I named my Mixed In protagonist Ulysses after the Civl War general to allude to the instability of the Cochtonville city-state. But what was the real US Grant like?
He was born April 27, the eldest of six.
Unambitious, he only went to West Point because his father, an ambitious tanner, applied for him and secured admittance.
His real name was Hiram Ulysses Grant, but he did not appreciate that his initials spelled out HUG. He ditched the Hiram and used his mother’s maiden name, Simpson, for his middle initial. However, at West Point, people assumed it stood for Samuel and even called him Sam.
He was a shy child and not particularly smart. For this reason, he earned the nickname “Useless” in school. His talent was working with horses. This talent was useful to him as a solider. One of his abilities was riding a horse while hanging off its side–giving the appearance that the horse was riderless. This made him valuable as a messenger in the Mexican-American War. Following the war, he took to farming but did poorly at it. His family of four children often had little to eat. So when the Civil War started, he enlisted enthusiastically.
His siege of Vicksburg, Mississippi ended the Southern control of the river. Subsequent battles at Spotsylvania and Cold Harbor inflicted high casualties on the South. Mary Lincoln called him a butcher. Grant was the man to whom Lee surrendered.
He would not allow General Lee to be spoken ill of in his presence.
He was faithful to his wife, Julia. She was the sister of his West Point roommate and although unattractive and cross-eyed, was an excellent horse rider as he was. She lavished him with affection and even called him Victor for “victory.” He was able to overlook that her family owned slaves. After his marriage, he was given a slave by his in-laws but he freed the man. At the end of his life, he knew money would be tight for Julia so he stubbornly refused to die until his memoirs were finished and she could benefit financially from the sales. She lived a comfortable life following his passing and even became friends with an actress.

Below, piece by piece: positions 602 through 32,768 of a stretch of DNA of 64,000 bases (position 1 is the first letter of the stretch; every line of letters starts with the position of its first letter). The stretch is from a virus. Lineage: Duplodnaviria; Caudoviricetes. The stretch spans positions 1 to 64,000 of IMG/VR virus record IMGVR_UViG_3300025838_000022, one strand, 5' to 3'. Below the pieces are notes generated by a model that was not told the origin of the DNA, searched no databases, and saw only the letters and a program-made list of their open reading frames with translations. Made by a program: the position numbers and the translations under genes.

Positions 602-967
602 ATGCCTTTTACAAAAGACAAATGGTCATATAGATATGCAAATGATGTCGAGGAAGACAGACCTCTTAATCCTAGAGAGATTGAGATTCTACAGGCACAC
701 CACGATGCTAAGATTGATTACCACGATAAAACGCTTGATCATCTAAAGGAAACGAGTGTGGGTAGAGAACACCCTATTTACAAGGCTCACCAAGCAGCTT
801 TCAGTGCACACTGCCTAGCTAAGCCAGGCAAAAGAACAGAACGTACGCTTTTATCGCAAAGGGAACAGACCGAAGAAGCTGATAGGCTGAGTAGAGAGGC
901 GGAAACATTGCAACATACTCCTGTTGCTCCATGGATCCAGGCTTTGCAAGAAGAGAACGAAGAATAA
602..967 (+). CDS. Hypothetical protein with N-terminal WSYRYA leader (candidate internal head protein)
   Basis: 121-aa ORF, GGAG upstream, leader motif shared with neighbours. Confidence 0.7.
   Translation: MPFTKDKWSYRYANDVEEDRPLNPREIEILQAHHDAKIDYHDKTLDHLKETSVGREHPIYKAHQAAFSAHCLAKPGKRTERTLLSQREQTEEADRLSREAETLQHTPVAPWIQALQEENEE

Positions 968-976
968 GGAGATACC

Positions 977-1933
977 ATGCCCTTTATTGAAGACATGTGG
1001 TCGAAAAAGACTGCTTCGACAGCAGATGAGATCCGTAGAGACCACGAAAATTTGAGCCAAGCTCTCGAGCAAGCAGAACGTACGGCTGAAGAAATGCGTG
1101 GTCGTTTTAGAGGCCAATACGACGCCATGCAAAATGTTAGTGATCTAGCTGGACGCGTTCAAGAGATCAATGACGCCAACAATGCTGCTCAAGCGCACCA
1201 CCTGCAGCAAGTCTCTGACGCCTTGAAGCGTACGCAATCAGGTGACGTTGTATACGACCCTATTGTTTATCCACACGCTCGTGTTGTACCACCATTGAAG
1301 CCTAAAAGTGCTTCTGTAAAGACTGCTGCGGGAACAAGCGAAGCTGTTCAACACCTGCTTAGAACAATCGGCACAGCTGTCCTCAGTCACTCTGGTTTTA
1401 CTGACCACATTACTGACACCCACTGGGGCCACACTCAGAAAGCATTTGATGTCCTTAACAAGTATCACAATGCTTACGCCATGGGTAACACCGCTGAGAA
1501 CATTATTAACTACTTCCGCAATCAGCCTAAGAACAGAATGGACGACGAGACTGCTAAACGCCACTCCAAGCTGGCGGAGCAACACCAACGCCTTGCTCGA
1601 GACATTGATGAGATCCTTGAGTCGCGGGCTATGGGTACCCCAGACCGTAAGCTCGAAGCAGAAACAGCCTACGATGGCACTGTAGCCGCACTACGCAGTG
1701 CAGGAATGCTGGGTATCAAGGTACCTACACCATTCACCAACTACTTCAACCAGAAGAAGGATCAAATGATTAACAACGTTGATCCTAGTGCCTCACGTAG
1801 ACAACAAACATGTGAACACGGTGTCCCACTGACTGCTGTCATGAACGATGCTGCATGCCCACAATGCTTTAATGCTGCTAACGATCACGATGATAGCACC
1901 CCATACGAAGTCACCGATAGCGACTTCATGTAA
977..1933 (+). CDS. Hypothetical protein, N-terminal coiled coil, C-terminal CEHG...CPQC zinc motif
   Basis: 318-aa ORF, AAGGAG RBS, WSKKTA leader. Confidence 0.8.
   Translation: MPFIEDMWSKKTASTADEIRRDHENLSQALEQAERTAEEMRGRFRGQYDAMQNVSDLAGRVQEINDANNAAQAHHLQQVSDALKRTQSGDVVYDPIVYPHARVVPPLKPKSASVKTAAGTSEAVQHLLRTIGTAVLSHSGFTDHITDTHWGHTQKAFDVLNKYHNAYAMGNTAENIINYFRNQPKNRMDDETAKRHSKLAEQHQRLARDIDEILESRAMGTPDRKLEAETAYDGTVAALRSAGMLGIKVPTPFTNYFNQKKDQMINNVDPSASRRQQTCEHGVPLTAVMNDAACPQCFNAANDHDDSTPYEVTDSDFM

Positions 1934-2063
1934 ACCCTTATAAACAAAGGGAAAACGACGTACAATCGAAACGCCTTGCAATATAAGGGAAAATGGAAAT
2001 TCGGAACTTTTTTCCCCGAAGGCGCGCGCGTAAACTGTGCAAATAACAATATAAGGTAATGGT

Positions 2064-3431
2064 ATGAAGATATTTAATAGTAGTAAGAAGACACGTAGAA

Julia Grant disliked Mary Lincoln, whom she considered volatile, and did everything she could to avoid her. Julia found Mary’s rages when the president was in the company of other women without her intolerable. Julia was an excellent hostess and loved concerts and plays. But when the Lincolns invited them to the play “Our American Cousin” at Ford’s Theater, the Grant’s declined.
US was a loyal man and this got him into trouble as a president. Although he was a modest and honest man, his cohorts were not. He appointed people he liked and stuck by them, making his time as president one of corruption. (Ironically, this method of management has been pushed in the book Good to Great.)
It’s believed that he was an agnostic. He was a heavy drinker and smoker.
He is featured on the fifty dollar bill.
Here is his daughter, Nellie.
For fun, I’ll send a US Grant dollar to the first person to comment below. And I’ll send a photo of Grant to the first person who requests one.
And while you are here, check out my post about Sheros of History.
Thank-you for reading!